Nest-building occurs during the last 24 hours before the onset of farrowing, and becomes most intense 12 to 6 hours before farrowing.[60] The sow separates from the group and seeks a suitable nest site with well-drained soil and shelter from rain and wind. This provides the offspring with shelter, comfort, and thermoregulation. The nest provides protection against weather and predators, while keeping the piglets close to the sow and away from the rest of the herd. This ensures they do not get trampled on, and prevents other piglets from stealing milk from the sow.[67] The onset of nest-building is triggered by a rise in prolactin level, caused by a decrease in progesterone and an increase in prostaglandin; the gathering of nest material seems to be regulated more by external stimuli such as temperature.[60]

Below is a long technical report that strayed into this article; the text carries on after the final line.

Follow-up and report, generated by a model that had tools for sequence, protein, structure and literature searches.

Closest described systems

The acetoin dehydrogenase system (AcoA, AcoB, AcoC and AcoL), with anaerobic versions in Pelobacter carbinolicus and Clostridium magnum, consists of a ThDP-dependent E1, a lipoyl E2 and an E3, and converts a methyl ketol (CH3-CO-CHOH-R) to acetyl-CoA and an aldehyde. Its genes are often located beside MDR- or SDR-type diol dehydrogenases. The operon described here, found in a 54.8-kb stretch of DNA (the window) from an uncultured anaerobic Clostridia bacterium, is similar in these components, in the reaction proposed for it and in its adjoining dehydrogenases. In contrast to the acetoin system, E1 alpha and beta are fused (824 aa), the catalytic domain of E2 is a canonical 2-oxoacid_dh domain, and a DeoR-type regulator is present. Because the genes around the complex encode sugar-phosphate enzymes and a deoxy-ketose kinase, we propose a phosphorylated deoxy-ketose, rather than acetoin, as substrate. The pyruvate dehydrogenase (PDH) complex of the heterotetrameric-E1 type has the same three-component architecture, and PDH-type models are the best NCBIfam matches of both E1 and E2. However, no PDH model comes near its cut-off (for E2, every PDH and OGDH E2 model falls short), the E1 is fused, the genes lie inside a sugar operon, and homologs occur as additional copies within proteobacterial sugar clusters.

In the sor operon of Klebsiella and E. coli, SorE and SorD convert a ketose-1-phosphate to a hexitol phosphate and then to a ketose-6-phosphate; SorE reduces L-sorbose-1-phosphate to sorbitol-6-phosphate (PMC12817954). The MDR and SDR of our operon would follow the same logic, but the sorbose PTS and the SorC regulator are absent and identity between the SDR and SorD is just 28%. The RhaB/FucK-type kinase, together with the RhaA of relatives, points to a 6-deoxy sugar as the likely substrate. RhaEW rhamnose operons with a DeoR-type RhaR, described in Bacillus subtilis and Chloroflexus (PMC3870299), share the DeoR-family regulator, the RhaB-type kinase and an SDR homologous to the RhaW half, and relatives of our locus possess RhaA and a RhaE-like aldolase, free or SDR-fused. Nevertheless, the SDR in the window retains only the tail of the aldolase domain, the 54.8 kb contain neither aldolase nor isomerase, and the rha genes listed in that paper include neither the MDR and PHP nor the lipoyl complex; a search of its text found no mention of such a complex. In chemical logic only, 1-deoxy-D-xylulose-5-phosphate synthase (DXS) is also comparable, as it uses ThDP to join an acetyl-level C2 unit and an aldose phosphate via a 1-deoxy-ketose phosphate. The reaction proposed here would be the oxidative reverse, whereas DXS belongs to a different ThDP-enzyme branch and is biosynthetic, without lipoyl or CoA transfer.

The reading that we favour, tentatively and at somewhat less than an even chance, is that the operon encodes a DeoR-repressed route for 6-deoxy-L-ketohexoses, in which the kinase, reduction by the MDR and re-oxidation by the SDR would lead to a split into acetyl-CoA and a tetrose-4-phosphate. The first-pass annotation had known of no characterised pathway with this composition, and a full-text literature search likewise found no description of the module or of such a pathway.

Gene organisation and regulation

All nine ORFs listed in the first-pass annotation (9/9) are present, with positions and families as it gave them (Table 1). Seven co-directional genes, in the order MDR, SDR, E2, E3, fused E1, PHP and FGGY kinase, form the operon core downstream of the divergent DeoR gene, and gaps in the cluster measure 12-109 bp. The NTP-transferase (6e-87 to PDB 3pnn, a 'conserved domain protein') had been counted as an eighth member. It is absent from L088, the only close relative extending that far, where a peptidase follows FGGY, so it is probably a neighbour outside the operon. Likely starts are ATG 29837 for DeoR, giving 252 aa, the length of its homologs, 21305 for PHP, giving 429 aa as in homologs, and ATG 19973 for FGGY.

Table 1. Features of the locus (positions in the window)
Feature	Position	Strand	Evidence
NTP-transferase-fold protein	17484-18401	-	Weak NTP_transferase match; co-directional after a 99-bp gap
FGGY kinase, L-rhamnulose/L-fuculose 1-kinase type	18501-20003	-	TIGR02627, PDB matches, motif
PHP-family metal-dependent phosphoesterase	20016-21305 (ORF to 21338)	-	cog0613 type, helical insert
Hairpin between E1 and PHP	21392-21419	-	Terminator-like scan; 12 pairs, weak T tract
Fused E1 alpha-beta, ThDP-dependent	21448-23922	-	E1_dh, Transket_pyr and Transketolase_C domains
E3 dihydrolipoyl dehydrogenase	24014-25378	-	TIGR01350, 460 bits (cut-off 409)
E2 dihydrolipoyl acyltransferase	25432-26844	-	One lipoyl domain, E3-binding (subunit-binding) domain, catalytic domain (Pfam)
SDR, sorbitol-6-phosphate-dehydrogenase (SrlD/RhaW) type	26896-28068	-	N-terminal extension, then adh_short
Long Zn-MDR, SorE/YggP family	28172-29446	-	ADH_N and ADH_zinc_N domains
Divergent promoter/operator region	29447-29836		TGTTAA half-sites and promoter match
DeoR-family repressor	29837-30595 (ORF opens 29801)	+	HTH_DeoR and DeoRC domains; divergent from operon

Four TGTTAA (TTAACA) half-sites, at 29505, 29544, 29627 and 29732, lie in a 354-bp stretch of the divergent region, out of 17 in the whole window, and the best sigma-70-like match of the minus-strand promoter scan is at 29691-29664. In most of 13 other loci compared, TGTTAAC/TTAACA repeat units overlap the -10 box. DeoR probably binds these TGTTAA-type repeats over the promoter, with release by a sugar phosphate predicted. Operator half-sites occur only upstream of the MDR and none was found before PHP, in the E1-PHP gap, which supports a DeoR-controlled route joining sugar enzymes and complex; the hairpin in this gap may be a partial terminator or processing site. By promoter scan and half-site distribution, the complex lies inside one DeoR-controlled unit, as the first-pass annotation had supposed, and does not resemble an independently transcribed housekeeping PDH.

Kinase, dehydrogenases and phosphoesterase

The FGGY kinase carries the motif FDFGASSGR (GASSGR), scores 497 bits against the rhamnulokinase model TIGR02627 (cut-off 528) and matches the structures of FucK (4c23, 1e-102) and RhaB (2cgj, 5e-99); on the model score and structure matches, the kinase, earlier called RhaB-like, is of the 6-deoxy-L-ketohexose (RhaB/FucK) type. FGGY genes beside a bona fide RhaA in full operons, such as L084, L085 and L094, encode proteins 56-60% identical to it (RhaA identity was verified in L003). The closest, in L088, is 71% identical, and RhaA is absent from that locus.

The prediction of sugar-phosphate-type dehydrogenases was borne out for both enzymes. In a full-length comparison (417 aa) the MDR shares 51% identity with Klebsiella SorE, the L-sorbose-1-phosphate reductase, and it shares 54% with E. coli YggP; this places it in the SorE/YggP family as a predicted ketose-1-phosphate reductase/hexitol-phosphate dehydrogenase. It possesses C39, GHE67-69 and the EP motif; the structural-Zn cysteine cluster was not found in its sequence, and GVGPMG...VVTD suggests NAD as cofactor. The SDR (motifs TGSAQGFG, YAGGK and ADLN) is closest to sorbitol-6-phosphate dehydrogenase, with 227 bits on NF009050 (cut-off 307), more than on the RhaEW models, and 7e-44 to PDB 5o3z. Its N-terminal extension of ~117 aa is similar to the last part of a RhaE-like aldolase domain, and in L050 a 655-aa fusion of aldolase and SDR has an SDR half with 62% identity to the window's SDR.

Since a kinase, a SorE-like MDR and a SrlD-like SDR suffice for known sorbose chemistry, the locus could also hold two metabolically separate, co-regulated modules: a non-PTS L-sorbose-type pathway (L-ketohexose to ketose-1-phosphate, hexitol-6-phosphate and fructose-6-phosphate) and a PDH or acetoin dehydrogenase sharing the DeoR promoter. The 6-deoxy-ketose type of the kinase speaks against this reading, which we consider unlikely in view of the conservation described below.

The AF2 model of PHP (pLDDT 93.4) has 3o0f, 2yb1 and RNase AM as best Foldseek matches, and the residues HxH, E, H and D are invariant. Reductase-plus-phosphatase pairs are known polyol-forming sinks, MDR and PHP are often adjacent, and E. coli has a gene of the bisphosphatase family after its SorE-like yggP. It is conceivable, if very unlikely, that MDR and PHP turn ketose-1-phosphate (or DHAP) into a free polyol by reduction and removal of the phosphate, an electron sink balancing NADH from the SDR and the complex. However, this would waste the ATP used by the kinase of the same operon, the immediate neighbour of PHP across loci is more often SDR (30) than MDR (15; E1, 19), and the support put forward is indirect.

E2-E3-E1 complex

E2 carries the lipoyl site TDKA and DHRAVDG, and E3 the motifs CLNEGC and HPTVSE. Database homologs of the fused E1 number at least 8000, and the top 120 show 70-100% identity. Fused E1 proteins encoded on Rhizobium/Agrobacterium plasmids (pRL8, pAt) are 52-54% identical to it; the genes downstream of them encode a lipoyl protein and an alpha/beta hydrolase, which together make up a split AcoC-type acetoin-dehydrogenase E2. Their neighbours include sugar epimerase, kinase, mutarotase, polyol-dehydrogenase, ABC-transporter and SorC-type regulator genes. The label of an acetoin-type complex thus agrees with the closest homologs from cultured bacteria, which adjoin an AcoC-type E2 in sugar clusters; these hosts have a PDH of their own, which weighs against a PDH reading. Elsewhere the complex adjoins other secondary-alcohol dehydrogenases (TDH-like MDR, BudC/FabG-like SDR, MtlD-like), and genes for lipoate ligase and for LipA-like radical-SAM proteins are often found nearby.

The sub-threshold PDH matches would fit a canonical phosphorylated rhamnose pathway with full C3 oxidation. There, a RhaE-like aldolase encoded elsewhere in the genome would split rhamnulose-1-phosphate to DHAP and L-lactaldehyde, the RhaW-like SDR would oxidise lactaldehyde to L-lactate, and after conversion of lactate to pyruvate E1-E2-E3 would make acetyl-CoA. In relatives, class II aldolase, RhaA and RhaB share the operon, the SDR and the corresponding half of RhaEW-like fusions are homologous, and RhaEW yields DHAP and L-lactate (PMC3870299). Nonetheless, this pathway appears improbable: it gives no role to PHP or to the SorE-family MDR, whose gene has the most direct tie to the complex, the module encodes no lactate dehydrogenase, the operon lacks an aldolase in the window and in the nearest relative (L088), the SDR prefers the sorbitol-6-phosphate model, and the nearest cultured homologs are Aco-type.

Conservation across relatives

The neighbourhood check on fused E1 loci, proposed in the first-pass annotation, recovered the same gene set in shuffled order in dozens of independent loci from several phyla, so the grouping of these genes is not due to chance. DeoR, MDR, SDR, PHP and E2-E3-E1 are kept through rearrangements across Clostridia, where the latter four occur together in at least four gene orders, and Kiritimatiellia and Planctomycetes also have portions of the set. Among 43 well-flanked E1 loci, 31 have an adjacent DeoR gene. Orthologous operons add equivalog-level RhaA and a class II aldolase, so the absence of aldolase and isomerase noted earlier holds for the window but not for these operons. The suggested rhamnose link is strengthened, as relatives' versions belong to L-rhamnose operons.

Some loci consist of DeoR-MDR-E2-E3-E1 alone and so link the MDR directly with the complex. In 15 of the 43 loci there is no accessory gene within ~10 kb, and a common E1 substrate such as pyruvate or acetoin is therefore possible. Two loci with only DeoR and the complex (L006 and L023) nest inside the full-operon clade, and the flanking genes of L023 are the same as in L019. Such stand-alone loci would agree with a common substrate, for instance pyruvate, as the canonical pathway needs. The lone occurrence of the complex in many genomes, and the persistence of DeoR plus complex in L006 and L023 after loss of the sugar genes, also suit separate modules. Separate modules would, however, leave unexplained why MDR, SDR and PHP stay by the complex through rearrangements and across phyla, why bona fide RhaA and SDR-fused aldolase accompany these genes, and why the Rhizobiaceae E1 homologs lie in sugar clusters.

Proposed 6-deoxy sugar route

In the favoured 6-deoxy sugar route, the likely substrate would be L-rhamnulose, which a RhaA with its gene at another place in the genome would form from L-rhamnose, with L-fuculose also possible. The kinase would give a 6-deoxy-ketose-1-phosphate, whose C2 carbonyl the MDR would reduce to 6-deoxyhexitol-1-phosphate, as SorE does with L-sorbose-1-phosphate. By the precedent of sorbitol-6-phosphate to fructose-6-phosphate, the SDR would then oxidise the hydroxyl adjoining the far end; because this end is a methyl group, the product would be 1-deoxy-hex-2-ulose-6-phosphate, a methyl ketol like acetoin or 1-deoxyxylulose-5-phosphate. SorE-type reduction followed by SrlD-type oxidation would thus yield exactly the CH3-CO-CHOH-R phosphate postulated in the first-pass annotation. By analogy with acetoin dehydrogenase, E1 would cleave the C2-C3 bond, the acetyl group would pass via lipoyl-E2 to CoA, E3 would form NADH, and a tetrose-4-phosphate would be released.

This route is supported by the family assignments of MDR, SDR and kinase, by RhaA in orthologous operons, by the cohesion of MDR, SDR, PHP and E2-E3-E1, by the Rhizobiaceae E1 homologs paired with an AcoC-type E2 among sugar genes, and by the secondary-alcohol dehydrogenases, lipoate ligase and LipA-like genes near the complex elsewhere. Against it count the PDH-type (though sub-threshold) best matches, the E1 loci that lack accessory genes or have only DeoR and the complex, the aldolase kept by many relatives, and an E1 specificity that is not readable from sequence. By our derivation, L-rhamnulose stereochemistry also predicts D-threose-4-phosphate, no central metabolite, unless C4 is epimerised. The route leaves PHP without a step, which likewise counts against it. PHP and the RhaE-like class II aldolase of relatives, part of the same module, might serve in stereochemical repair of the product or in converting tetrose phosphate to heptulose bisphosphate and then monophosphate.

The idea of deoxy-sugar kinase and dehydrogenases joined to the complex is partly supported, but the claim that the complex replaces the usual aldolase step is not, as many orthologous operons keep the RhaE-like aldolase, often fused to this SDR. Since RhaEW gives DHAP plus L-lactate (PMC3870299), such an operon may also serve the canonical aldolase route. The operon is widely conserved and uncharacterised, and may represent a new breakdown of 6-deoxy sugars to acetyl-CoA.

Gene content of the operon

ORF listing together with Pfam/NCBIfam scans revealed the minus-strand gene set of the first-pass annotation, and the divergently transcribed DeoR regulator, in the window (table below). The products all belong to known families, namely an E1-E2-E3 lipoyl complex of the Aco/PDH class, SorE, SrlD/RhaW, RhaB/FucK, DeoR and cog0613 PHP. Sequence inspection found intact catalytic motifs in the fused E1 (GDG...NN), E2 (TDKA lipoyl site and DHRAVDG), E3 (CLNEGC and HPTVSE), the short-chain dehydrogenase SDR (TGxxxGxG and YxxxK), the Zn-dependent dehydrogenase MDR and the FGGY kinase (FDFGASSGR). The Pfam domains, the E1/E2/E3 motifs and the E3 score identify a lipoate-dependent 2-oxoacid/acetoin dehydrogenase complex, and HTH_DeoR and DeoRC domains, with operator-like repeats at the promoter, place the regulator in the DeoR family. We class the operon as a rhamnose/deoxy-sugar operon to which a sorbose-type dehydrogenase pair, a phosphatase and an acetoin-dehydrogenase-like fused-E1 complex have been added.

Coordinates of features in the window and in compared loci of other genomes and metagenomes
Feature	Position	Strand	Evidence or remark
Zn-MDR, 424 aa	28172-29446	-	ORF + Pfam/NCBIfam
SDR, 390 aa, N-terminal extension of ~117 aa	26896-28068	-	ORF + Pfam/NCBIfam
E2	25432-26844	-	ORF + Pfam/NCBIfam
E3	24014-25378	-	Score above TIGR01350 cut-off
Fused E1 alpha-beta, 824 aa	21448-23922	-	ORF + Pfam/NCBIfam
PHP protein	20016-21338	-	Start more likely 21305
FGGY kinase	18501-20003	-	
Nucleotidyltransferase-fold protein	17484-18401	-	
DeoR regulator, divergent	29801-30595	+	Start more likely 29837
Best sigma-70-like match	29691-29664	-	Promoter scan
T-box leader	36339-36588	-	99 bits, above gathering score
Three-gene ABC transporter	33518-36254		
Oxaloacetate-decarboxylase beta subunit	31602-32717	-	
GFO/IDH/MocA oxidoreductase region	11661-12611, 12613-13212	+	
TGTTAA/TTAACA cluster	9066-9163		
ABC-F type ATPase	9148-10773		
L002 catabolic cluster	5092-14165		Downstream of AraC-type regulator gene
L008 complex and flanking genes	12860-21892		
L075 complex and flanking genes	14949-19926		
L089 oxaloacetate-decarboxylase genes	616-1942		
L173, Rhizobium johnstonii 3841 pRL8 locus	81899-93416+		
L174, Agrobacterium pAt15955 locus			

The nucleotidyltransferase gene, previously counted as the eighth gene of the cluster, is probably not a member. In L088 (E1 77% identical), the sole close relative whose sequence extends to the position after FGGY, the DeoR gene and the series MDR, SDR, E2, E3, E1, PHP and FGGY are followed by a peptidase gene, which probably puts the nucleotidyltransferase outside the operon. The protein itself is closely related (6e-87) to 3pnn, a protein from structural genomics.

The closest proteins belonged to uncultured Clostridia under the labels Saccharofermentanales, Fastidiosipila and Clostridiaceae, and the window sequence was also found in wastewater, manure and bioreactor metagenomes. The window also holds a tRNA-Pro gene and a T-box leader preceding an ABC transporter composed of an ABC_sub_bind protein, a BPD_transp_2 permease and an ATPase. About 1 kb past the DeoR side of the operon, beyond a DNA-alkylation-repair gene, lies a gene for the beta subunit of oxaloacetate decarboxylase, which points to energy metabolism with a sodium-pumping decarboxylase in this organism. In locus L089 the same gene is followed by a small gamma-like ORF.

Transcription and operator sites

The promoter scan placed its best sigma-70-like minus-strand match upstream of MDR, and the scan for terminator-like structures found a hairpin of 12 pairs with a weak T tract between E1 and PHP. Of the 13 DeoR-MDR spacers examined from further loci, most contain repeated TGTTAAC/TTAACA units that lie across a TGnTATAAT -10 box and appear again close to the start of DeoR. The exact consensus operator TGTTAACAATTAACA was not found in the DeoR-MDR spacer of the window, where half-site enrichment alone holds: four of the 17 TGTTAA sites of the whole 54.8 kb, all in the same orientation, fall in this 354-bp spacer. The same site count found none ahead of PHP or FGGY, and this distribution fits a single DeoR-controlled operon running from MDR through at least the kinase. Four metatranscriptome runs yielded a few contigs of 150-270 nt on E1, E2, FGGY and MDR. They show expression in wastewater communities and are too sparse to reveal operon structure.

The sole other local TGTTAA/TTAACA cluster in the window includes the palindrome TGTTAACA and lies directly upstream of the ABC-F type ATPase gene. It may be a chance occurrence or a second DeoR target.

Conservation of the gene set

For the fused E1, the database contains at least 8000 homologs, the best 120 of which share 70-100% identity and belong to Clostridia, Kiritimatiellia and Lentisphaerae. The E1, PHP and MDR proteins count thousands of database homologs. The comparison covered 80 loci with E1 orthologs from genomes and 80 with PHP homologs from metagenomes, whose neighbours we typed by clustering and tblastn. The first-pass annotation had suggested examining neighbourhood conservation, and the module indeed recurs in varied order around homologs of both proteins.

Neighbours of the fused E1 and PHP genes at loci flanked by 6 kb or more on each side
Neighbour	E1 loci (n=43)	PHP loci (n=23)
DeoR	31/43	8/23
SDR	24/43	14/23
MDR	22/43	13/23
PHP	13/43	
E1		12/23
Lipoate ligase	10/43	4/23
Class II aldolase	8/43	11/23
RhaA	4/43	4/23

Nursing and suckling

Pigs have complex nursing and suckling behaviour.[68] Nursing occurs every 50–60 minutes, and the sow requires stimulation from piglets before milk let-down. Sensory inputs (vocalisation, odours from mammary and birth fluids, and hair patterns of the sow) are particularly important immediately post-birth to facilitate teat location by the piglets.[69] Initially, the piglets compete for position at the udder; then the piglets massage around their respective teats with their snouts, during which time the sow grunts at slow, regular intervals. Each series of grunts varies in frequency, tone and magnitude, indicating the stages of nursing to the piglets.[70]